Corporal, City of London Yeomanry (Rough Riders),  (Service Number 1613)

Thomas John Anstey

Thomas ‘Tom’ John Edmund Anstey was born in Cardiff on 27th Aug 1884 to Thomas Henry Anstey, a railway clerk, originally from Llangattock, and Eliza Hannah Anstey née Morse originally from Cheltenham.  His mother dies in 1888 when he is only four and Tom goes to live with his grandmother in Henllys, Monmouthshire.  He attended primary school at Hafodyrynys School, Monmouthshire and then returned to Cardiff to attend Cardiff Higher Grade School (Howard Gardens).  By 1901 he had moved to live with his aunt in Wandsworth London.  He worked as a clerk at the Finsbury Circus Branch of the Capital and Counties Bank.  He joined the City of London Yeomanry in October 1909 and is promoted to Corporal in 1914.  When war breaks out he volunteers for foreign service and went to Egypt with his regiment in April 1915 and from there to Suvla Bay, Gallipoli in August. He is killed in action on 6 Oct 1915 aged 31.  That night he was covering a party of Royal Engineers who were erecting a barbed wire entanglements about 50 yards from the Turkish trenches.  He is buried at Green Hill Cemetery in Gallipoli. The Commonwealth War Records Commission record for Tom records his father living at 17 Dalton Street, Cathays.  Tom is remembered on the Howard Gardens memorial in Cardiff, and with a memorial plaque at Church of St Michael and All Angels, Llantarnam and one at St Ann’s Church in Wandsworth.  During the period from 1905 to 1914 Tom became very interested in researching both his family ancestry and the Anstey surname.  His great-nephew has since taken up the research and published a book on the Anstey surname authored by Gary Anstey and posthumously by his great-uncle Tom.


Private,  9th Battalion, South Staffordshire Regiment  (Service Number 15856)

Charles Edward Asplin gravestone

Charles Edward Asplin was born in the summer of 1895 in Cardiff to Charles John Asplin,a postman and Sarah Asplin née Samuel from St Fagans, Cardiff. He attended Cardiff Higher Grade School (Howard Gardens) and the family lived were living at Bruce Street, Cathays in 1901 and then 58 Gelligaer St, Cathays in 1911. Charles Edward Asplin followed his father and worked as a postman.  He signed up for the South Staffordshire Regiment as a transport driver aged 19 and serves on the Western Front.  He was killed on 23rd December 1915 is buried at the Sailly-sur-la-Lys cemetery in eastern France. He is remembered on the Howardian war memorial plaque and the Cardiff Post Office workers plaqueCommonwealth War Graves Commission record. 


Second Mate, Mercantile Marine, S.S. “Torrington”

SS Torrington

S.S. Torrington and Captain Starkey (Pic credit and some text: National Museum of Wales)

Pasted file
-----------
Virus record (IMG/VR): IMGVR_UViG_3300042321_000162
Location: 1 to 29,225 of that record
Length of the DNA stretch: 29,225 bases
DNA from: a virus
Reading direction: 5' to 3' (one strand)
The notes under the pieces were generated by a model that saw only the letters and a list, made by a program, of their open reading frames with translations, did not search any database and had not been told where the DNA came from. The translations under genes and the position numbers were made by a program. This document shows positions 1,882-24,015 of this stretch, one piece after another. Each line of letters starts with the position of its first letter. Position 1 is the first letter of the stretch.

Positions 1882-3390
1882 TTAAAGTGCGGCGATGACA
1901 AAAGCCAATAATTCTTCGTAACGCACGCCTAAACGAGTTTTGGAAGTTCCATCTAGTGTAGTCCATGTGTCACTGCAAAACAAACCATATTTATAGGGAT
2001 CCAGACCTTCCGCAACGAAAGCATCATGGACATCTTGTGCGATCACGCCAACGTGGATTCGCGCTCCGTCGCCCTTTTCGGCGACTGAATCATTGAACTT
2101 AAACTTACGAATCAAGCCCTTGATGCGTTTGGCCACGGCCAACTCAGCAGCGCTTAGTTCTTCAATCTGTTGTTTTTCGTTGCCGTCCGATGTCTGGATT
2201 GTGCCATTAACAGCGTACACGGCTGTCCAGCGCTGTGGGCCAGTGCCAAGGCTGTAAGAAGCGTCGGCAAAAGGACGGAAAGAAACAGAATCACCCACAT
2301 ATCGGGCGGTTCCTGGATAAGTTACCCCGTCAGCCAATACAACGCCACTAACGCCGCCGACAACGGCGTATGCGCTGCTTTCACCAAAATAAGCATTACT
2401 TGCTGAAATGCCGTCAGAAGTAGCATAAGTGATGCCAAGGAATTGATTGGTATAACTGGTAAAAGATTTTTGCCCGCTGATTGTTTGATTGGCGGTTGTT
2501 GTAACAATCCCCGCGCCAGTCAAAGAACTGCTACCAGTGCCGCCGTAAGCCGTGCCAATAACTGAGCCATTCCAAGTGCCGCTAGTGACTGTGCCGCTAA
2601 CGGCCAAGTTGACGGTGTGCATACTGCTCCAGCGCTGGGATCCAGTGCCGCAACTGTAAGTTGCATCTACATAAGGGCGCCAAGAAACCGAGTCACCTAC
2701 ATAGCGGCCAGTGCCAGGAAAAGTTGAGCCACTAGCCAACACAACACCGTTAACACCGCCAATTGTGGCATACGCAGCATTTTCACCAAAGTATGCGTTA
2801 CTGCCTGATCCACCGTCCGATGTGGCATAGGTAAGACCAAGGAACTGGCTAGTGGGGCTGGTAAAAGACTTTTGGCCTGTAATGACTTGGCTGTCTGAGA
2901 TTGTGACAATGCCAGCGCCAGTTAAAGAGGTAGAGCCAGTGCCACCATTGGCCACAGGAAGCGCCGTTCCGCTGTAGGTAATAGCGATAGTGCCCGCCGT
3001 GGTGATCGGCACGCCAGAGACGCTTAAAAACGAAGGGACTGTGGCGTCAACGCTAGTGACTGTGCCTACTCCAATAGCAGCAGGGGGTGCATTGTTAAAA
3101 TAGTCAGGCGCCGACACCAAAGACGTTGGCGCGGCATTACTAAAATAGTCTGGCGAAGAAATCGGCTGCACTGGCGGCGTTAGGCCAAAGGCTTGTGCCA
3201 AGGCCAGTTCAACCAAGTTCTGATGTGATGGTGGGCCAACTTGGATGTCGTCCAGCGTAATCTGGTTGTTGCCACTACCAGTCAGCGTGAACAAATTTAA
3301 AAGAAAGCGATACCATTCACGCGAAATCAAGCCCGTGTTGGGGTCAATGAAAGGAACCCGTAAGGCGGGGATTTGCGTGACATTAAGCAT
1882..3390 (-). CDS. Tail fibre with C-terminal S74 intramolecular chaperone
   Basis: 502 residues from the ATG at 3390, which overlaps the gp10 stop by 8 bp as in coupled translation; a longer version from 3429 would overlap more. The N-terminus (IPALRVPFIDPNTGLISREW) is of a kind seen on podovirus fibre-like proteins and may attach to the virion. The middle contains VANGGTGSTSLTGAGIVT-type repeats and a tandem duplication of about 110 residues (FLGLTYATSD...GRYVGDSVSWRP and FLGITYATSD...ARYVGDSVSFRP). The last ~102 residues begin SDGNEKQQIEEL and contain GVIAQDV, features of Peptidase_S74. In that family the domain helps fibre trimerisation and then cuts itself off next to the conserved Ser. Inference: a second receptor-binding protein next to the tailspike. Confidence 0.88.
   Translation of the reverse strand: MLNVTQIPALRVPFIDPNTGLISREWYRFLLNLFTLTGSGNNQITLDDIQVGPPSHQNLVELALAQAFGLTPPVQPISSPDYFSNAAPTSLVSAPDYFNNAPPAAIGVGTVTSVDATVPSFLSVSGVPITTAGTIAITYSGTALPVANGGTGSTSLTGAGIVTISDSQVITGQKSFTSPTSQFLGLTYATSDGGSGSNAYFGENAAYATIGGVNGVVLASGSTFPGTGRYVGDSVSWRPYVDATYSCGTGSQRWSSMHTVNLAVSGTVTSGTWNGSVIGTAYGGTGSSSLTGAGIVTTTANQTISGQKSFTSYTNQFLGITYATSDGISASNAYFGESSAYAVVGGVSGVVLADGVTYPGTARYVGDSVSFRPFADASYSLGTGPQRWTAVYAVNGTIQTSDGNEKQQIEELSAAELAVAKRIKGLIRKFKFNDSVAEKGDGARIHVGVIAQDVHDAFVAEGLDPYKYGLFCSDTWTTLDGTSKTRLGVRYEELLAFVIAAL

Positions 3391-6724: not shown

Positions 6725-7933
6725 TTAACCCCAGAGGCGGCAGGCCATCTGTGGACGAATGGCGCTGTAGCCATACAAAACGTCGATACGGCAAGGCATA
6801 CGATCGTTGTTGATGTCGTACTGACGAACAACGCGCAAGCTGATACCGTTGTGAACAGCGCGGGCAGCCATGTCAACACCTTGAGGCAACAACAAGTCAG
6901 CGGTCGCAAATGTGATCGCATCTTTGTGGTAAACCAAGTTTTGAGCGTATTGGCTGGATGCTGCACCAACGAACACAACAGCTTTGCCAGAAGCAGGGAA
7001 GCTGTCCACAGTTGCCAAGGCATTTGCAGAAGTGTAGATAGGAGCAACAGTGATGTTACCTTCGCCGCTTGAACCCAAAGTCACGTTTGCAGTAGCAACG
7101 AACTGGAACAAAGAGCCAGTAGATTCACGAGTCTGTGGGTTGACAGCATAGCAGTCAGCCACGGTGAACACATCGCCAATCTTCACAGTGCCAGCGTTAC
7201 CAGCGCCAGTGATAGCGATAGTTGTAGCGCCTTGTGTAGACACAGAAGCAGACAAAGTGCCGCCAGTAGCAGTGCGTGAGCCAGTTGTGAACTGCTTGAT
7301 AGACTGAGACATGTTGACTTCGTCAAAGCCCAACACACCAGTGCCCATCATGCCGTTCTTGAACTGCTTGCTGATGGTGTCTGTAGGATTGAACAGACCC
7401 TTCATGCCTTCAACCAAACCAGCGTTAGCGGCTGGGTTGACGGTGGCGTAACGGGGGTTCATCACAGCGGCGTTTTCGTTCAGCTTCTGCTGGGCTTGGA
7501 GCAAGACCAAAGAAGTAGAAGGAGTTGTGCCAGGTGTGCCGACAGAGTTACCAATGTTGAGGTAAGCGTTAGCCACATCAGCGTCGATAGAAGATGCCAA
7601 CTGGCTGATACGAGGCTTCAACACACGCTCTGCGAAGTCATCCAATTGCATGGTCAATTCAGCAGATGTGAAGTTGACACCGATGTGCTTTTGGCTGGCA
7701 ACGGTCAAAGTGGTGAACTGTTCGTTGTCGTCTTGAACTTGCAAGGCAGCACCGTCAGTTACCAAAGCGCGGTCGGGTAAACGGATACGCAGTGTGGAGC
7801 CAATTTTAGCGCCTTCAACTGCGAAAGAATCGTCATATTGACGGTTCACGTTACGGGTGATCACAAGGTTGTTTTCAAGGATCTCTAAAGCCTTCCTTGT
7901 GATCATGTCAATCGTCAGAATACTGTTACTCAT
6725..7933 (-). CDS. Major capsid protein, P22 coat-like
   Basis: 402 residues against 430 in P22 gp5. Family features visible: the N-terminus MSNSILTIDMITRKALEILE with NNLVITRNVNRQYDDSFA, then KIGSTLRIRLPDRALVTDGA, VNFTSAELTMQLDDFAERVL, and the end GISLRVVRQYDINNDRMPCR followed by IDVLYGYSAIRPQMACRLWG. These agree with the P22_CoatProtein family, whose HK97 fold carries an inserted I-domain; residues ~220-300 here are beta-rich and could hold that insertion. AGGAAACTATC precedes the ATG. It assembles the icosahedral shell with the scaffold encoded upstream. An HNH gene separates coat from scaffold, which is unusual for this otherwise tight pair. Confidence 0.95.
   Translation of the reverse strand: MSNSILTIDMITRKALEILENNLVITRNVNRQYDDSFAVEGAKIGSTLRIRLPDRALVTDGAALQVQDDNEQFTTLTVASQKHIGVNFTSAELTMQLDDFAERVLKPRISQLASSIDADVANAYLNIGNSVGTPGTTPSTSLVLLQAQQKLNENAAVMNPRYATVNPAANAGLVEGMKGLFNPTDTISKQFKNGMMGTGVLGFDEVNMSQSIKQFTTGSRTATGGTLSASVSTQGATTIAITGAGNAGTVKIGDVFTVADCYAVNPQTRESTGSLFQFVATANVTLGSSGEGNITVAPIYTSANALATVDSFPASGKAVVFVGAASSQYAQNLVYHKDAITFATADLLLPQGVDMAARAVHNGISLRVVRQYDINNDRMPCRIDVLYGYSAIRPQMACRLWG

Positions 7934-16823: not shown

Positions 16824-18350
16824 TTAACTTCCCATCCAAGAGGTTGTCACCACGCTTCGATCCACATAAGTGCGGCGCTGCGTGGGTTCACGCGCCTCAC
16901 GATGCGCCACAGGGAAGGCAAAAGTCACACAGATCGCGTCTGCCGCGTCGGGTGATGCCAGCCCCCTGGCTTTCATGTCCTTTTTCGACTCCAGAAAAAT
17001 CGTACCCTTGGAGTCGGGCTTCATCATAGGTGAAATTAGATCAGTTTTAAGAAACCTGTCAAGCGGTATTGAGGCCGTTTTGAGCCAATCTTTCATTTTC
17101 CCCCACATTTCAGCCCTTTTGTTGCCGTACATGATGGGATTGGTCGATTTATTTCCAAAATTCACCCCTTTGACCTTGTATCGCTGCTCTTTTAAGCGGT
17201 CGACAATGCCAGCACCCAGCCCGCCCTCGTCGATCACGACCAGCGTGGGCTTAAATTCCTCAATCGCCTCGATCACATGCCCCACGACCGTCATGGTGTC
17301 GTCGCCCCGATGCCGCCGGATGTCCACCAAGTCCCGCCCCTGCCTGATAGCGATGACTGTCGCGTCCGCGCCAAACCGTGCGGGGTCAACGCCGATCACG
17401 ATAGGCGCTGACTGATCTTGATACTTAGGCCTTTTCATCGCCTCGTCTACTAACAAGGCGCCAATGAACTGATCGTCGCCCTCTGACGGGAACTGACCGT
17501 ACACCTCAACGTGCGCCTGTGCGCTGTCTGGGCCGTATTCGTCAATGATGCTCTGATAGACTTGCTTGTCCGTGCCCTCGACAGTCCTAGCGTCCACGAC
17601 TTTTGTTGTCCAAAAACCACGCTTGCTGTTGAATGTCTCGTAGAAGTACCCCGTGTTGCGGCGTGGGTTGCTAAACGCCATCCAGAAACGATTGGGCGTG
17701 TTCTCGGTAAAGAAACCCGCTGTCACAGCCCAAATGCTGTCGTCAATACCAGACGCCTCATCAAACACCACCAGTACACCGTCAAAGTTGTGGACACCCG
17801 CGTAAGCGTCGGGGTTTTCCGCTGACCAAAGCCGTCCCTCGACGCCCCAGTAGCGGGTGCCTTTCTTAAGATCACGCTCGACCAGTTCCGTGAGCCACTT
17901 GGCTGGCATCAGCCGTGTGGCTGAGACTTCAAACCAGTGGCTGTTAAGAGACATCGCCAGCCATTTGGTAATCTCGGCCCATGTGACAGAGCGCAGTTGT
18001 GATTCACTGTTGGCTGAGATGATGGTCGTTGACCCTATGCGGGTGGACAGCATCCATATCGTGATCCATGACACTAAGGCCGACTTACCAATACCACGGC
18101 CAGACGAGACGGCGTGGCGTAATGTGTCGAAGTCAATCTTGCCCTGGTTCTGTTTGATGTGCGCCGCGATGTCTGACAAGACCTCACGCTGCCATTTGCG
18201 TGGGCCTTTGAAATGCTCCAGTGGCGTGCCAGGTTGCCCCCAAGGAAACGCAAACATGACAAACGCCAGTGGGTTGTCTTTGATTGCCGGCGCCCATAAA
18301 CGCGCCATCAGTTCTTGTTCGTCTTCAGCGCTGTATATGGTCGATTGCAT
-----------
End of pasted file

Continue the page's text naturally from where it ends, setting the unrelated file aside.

William Thompson Atkinson was born in 1888 in Cardiff  to Captain William Thompson, a master mariner originally from Corbridge, Northumberland, and Elizabeth Atkinson née Davies.  He was probably born in the Canton area of Cardiff but the family later move to 39 Crwys Road and William attends Cardiff Higher Grade School (Howard Gardens).  He was employed as a solicitor’s clerk in Barry before going to sea. He followed his father into the merchant navy but loses his life in a cruel fashion.  He was serving as Second Mate on the SS Torrington.  On 8 April 1917 the ship was sailing from Italy to Cardiff to load coal for the Italian railways. Shortly after 11.30am she was torpedoed by a German submarine, 150 miles off the Isles of Scilly.  The torpedo hit forward of the bridge. A submarine then surfaced and opened fire on the ship. Capt. Starkey ordered his men into the lifeboats, but the submarine came alongside. Capt. Starkey was ordered below deck of the U-boat, which he did thinking he could save his men. Some of the crew went on the deck of the U-boat, whilst others remained in a lifeboat. The captain of the U-boat then ordered the vessel to dive remarking that “the others could swim”.  Through the submerging of the U-boat about 20 member of the Torrington’s crew were washed off and killed. The remaining crew in the lifeboat were never heard of again. In total thirty four members of the crew were killed and Capt. Starkey was the only survivor.   Wilhelm Werner, the captain of the submarine,  and his actions had become well known to the authorities and he was charged with war crimes. He should have been on trial at Leipzig, but he fled to Brazil and was never tired for his crimes.  William Atkinson is remembered on the Tower Hill memorial for merchant seamen in London and the Howardian war memorial plaque.  Commonwealth War Graves Commission record.



Private, 10th Battalion, Australian Infantry, A.I.F. (Service Number 299)